Chris Christie Undecided on Pseudo-'Therapy' Practices that Electrocute Gay Children
New Jersey Governor Chris Christie says he’s undecided on legislation that would ban the pseudo-science known as “gay conversion therapy” in his state.
“I'm of two minds just on this stuff in general,” the Republican governor said in a news conference in reference to bills “that restrict parents' ability to make decisions on how to care for their children.” The child-rearing practice in question involves labeling gay children as mentally ill and forcing them to endure “therapies” that, according to the World Health Organization, can cause “severe harm to mental and physical health.”
Gay conversion therapy rests on the discredited assumption that homosexuality is a mental disorder, curable through a slew of archaic tactics that have received overwhelming condemnation from the medical and psychologist communities.
Governor Christie’s uncertainty puts him at odds with the American Academy of Pediatrics [pdf], which concludes, “Therapy directed specifically at changing sexual orientation is contraindicated, since it can provoke guilt and anxiety while having little or no potential for achieving changes in orientation.” In addition, the American Medical Association rejects the practice on grounds that it assumes individuals should change their sexual orientation.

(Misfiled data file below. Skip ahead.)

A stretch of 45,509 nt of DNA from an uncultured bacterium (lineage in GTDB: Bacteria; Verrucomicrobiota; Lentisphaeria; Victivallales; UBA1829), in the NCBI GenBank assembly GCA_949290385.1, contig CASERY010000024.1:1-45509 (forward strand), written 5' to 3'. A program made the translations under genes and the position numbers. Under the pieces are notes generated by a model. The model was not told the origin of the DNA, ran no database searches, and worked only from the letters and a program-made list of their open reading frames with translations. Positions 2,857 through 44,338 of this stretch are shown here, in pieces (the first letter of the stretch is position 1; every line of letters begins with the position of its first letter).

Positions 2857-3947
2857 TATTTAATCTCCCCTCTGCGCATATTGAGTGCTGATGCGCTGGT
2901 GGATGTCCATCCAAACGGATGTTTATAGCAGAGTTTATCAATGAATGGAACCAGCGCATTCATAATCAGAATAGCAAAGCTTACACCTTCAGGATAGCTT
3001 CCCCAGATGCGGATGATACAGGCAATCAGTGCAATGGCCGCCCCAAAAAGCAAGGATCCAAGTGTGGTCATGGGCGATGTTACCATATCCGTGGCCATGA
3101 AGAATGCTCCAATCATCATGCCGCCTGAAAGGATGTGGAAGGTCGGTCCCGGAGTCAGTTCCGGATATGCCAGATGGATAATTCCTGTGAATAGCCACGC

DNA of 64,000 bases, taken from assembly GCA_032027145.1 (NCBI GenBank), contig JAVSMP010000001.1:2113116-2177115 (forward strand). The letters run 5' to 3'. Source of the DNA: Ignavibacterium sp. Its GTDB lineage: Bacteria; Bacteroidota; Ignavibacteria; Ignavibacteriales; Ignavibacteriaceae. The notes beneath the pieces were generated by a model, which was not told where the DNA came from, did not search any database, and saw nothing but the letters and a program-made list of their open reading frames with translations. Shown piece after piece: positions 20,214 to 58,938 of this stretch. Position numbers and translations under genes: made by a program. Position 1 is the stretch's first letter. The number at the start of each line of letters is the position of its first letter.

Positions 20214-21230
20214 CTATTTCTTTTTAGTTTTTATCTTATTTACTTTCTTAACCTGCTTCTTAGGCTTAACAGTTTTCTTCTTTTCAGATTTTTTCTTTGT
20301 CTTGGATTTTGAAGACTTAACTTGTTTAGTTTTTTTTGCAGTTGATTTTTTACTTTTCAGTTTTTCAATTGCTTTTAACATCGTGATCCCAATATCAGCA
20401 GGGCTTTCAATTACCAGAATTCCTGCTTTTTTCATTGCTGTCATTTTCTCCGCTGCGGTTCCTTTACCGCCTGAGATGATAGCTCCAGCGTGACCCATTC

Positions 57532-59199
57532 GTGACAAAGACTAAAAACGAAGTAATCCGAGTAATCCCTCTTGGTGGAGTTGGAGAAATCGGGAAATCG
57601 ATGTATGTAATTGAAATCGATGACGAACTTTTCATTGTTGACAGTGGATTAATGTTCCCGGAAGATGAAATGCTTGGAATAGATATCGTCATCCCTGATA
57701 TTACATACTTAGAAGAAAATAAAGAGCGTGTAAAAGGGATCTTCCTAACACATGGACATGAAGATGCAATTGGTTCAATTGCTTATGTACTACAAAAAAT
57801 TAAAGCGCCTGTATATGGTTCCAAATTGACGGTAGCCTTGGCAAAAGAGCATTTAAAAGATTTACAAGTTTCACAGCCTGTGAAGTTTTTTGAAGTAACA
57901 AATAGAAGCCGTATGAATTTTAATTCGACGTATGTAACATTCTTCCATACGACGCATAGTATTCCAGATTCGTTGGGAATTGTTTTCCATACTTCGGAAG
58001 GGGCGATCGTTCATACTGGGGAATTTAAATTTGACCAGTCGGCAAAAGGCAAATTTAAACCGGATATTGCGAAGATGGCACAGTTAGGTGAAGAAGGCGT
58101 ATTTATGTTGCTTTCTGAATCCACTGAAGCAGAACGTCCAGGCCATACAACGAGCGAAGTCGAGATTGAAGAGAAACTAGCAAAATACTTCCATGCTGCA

On Monday, the New Jersey Senate Health committee approved a bill to ban the “therapy” for minors after hearing witnesses describe painful childhood experiences with the practice, NewJersey.com reported. One witness, Brielle Sophia Goldani, recalled her parents forcing her to a gay conversion camp where she was hooked up to electrodes and I.V. machines. The administrators showed Goldani pictures depicting gay men while electrocuting her “like a dog.” “They would hook me up to an I.V. to make me sick and show me a series of unacceptable images,” Goldani recounted. “I would try to time it so I had an empty stomach on those days, but it didn’t work.”
AmericaBlog’s John Aravosis several other techniques reportedly used during “conversion therapy,” including, but not limited to: forcing male “patients” to play sports and female “patients” to wear lipstick, homoerotic hugging between therapist and “patients,” and asking “patients” to beat a pillow, representing his or her mother, with a tennis racket.
Jacob Rudolph, a teen who also testified in front of the New Jersey Senate Health committee, created a petition asking Christie to support the bill banning this destructive practice. At time of publication, Rudolph’s petition received more than 112,000 signatures.